We got to speak to the super talented fabric designer Sarah Watts this week. We wanted to find out all about the inspiration behind her designs and the transition from illustrations to fabric design.
You are primarily an illustrator, when did the idea come about to turn those illustrations into fabric designs?
Growing up I naturally drew my illustrations in patterns because the process was very therapeutic for me. There was something about organizing lots of unique shapes in a repetitive way that I loved. I didn’t really know at the time that there was a whole “surface design” world.
Then in college I started making repeat patterns to have in my portfolio for potential jobs at places like Hallmark or Carter’s where they use a lot of pattern on their products. I saw that there was this whole world where people were using decorative art to make a living and that was so thrilling! I ended up getting a job designing art for children’s clothing at Carter’s/Osh Kosh here in Atlanta. That is where I really learned how to make patterns and I really sharpened my skills for the professional world of surface design. From there I went on to design gift wrap and stationery at a company called International Greetings, who did work for places like Target and TJ Maxx. That is where I learned the next stages of pattern and print and how to apply it to many products in a very hectic environment, haha! While working at IG I met a fantastic group of girls that did surface design and we met up to talk business once a month.
I also simultaneously quit my day job to do full time freelance. One of the gals, Jules Davis, got me my first gig designing fabric for Blend Fabrics. That was my first in with creating art specifically for sewing fabric rather than kid’s garments. I had always loved to sew so the thought of mashing pattern design and sewing was a dream come true. The magical benefit to this was the awesome community that the sewing industry comes with.
Do you sew? If so, what is your favorite project to date?
I do! I’ve been sewing since high school, but actually never learned how to sew properly until a few years ago. I took classes at a local Atlanta sewing school and really loved it, and now I take classes at Whipstitch. I have sewn a lot of different things, but my favorite was my first quilt. There was something very satisfying about learning the process and art of quilting and also using my own illustration inspired methods to make it more of an art piece. It was a pretty simple quilt, but I am still proud of it. I can’t wait to make more! Right now my primary focus is learning garments. I had sewn a lot of skirts before but not dresses and tops. I love learning and and will likely always attend workshops for the social aspect of sewing and to always keep my skills sharpened. That group environment of sharing ideas and skills is the best.
How do you get your inspiration for your designs?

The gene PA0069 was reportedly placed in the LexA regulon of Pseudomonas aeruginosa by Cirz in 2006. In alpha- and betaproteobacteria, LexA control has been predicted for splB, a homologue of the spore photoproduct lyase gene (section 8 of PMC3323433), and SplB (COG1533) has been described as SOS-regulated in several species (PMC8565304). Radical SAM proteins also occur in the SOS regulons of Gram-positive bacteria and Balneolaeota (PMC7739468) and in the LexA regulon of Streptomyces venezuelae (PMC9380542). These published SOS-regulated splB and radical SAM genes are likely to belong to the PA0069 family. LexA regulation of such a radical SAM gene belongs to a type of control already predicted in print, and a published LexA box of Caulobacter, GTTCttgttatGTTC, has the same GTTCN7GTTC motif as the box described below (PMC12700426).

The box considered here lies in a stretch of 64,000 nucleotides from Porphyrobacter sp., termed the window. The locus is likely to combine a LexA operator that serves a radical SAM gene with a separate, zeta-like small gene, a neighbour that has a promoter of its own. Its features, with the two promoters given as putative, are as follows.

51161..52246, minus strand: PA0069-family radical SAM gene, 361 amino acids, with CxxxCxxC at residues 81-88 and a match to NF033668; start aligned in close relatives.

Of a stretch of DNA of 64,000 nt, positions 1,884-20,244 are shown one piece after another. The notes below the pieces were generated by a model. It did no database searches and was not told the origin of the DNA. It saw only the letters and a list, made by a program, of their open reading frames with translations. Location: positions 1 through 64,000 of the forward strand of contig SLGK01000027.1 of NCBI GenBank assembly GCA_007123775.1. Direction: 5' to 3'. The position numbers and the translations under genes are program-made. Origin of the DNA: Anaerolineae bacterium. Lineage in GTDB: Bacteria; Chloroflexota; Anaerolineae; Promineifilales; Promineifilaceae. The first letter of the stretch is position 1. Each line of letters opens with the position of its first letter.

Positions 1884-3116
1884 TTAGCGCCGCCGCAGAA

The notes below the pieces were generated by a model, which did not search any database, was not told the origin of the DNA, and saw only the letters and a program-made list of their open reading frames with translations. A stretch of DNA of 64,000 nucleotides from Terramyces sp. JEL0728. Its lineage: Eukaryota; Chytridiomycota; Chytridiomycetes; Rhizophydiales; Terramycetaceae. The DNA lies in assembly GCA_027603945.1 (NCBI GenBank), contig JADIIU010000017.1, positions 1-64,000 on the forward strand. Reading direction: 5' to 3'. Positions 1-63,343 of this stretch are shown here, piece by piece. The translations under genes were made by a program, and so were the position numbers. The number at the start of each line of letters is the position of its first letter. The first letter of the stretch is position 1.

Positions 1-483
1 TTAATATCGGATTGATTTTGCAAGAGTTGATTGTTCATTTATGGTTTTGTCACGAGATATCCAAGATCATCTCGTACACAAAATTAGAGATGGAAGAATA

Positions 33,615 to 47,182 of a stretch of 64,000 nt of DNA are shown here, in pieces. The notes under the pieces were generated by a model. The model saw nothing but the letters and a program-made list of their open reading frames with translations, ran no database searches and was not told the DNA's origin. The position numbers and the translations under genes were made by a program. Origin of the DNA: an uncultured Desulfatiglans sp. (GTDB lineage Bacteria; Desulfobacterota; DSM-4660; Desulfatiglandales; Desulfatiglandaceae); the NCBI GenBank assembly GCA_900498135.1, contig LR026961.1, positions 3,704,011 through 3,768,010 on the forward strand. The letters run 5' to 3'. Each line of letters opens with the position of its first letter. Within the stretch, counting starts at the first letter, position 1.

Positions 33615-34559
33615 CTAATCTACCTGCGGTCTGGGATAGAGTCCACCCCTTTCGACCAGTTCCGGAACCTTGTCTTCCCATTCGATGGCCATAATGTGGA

Nature is the primary inspiration for my art. When I was growing up, being in the woods or on the beach or with animals was my favorite time and I loved drawing from those experiences. I also love to go antique shopping and draw the different oddities that I find. I have a bad habit of collecting knick knacks and figurines, but I swear that they inspire my art and I have to keep them for that reason! 😉 If I had it my way I would also have a bunch of goats, more cats, a big fluffy dog and chickens too. We live in a loft so that will have to happen down the road. 🙂
How did the idea to set up Cotton & Steel come about?
Melody called me and a few other designers( Rashida, Kim and Alexia) with this amazing idea that she had to start a new division of modern fabric at RJR Fabrics. I was working for Blend Fabrics at the time, who were awesome to give me my first fabric design gig. I did, however, want to be more involved in the industry and was also missing that collaborative and close knit community that I use to get in college. I was feeling stagnant as a freelancer by myself all the time and really missed the crits and camaraderie.
Melody’s idea of starting a new division, with lots of creative control and a collaborative vision was too much to pass up and really fell in line with what I was craving in my career at the time. I jumped on board with the other girls and that’s how I came to be a founder at Cotton+Steel! Working along side the girls and the lovely folks at RJR has really been a dream.
Are there any particular designers or illustrators who inspire you?
I get a lot of inspiration from the Cotton+Steel ladies! But, if I had to pick particular influences when I was developing my art style, a few old school illustrators come to mind. I love the work of Arthur Rackham, Edmund Dulac, Mary Blair, Kay Nielsen, Erte and Helen Dryden. When I was in college I really loved the old fairy tale illustrators and the fashion illustrators during the Golden Age of Illustration. I loved how they had such a whimsical view of the world and were some of the first to develop the patterny and graphic fantastical look that many illustrators are influenced by today. The other magical thing is that illustration use to be the primary way to get information out into the world. Seeing that creativity at a time when there were no TVs or cars was so inspiring to me as a student and still is a big influence on my work today.
Finally, can you tell us an interesting facts about yourself?
My childhood pet and best friend was an iguana named Dino and I had a little lizard leash for him. I am left handed. I eloped on Halloween dressed as a cowgirl in Vegas. I started dating my husband, Scott, in High School. My favorite animal is an otter. Those are a few interesting facts, tada! Hehe.